Graduating art history major reflects on her passion for art and appreciation for education


Kaylee Stout

Nellie Elliot poses for a photo in front of the Ulrich Museum of Art.

As a senior art history major, Nellie Elliot has developed a passion for creativity and the arts over the course of her college journey.

Elliot said her love for art started early on in life. Growing up, she loved to paint, but eventually, she took an interest in learning the history behind the art.

“Going to museums and viewing the art, I was never able to feel a deep connection with the art until I would learn the history behind it,” Elliot said. “So I love that when you learn the story of a work of art it kind of comes to life.”

Starting out, Elliot was a studio art major. One of her professors recognized her talent for writing and recommended an art history major to her.

“I started taking more art history classes and the more I took I just loved it more and more,” Elliot said.

Elliot has been an intern at the Ulrich Museum of Art on campus for almost two years now. She said the internship has taught her so much and it was a great experience for applied learning.

“It’s a pretty small museum so I’ve gotten to work in a lot of different departments,” said Elliot. “Everyone there has been super helpful and willing to let me try new things and learn from them.”

Elliot is preparing for graduation in May. After graduation, she plans to move on to graduate school.

“I’m hoping to get my grad[uate] degree in art conservation and eventually work in painting conservation,” Elliot said.

Only New York University, Buffalo University, and the University of Delaware have a graduate program for art conservation in the U.S., so Elliot says she will be applying to all three. 

However, Elliot says that moving that far from home, she will miss the community feeling of Wichita. She is from Wichita and had family members that also went to WSU.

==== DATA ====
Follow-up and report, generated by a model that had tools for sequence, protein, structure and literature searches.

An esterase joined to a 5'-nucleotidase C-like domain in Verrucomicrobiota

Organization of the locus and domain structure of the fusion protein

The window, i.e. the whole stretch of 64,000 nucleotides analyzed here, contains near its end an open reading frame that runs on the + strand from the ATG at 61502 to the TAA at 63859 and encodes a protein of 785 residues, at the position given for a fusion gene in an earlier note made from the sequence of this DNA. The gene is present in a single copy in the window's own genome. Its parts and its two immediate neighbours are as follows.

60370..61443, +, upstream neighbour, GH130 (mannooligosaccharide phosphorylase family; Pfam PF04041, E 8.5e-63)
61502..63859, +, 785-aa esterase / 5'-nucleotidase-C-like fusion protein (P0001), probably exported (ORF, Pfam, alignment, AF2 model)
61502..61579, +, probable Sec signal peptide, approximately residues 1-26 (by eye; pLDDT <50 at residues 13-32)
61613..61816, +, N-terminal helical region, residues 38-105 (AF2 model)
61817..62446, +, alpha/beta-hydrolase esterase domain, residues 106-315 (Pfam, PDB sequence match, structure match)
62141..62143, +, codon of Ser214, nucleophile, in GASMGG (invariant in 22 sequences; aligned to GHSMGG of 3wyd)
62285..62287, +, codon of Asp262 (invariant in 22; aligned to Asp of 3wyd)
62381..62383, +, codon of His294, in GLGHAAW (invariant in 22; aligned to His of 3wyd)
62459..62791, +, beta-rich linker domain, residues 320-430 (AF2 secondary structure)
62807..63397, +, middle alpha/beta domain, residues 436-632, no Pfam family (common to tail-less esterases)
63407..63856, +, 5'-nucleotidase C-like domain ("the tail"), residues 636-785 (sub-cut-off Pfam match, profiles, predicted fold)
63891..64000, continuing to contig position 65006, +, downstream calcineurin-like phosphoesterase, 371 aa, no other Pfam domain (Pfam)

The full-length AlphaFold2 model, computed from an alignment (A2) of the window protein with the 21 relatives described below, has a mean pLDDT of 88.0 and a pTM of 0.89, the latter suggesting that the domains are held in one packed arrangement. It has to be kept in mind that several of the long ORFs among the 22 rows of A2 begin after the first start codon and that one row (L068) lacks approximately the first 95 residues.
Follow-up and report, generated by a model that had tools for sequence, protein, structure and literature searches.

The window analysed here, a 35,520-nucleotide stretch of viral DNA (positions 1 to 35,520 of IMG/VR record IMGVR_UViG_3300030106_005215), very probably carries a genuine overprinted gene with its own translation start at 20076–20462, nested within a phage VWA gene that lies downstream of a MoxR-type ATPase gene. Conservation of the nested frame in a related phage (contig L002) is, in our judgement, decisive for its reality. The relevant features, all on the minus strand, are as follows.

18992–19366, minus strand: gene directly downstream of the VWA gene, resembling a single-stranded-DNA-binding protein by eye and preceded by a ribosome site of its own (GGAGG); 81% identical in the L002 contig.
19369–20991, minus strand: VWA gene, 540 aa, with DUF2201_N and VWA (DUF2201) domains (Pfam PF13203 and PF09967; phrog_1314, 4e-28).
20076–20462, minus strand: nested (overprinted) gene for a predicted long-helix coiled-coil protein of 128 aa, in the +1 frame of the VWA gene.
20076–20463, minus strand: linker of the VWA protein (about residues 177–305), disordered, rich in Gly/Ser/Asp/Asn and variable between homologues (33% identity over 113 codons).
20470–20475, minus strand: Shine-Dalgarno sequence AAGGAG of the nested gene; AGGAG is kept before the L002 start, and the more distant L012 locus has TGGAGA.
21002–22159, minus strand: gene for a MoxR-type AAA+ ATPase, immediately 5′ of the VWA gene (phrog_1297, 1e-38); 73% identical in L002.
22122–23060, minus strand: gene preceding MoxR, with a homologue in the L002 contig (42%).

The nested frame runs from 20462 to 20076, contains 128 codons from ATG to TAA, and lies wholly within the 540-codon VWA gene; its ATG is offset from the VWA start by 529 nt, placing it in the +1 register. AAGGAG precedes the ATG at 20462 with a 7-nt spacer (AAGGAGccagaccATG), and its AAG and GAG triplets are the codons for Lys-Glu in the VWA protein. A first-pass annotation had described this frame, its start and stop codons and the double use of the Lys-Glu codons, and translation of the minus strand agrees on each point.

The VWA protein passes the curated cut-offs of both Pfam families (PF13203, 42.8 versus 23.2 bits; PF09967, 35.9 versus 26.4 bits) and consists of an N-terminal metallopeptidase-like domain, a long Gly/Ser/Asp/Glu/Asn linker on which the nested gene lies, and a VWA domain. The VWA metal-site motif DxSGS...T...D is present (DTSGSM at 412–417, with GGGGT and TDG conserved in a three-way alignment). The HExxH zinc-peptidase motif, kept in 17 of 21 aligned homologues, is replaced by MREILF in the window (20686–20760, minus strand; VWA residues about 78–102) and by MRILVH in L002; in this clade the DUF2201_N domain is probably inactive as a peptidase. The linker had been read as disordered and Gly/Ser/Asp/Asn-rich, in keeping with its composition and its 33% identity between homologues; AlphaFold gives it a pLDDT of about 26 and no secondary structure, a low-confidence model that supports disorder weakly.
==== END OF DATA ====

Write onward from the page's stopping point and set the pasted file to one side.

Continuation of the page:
“It really just feels like home to me,” said Elliot.

WSU’s art department has made a large impact on Elliot. She says that it is a tight-knit group, allowing for close relationships between students and faculty members.

“By the time you’ve been there for four years, you get to know people pretty well,” said Elliot. “It’s kind of its own sub community within the Wichita State community.”

Elliot said finishing up her degree at WSU during the pandemic was definitely a strange experience. Through it, she has developed her time management skills and learned new ways to connect with people.

“So much of what you do in the art department is studio classes and it’s very hands-on, so learning to talk about art and learning to make art remotely — it’s been a challenge,” Elliot said.

After four years of college, Elliot has learned some important lessons. When she first got to college she believed that there was a completely straight path forward; you study what you came to study, get your degree in four years and then you get a job in your field. 

“I’ve learned that the path can be much more tangled,” Elliot said. “You can go one way for a while and decide you don’t want to do that and go back.”

“It’s okay to just let yourself try new things and not tie yourself down to one path.”

Elliot says that this message is good advice for upcoming and current college students.

“Just allowing yourself to mess up every once in a while and recognizing that your mistakes or things that maybe don’t lead directly to what your goal is are still valuable experiences,” said Elliot.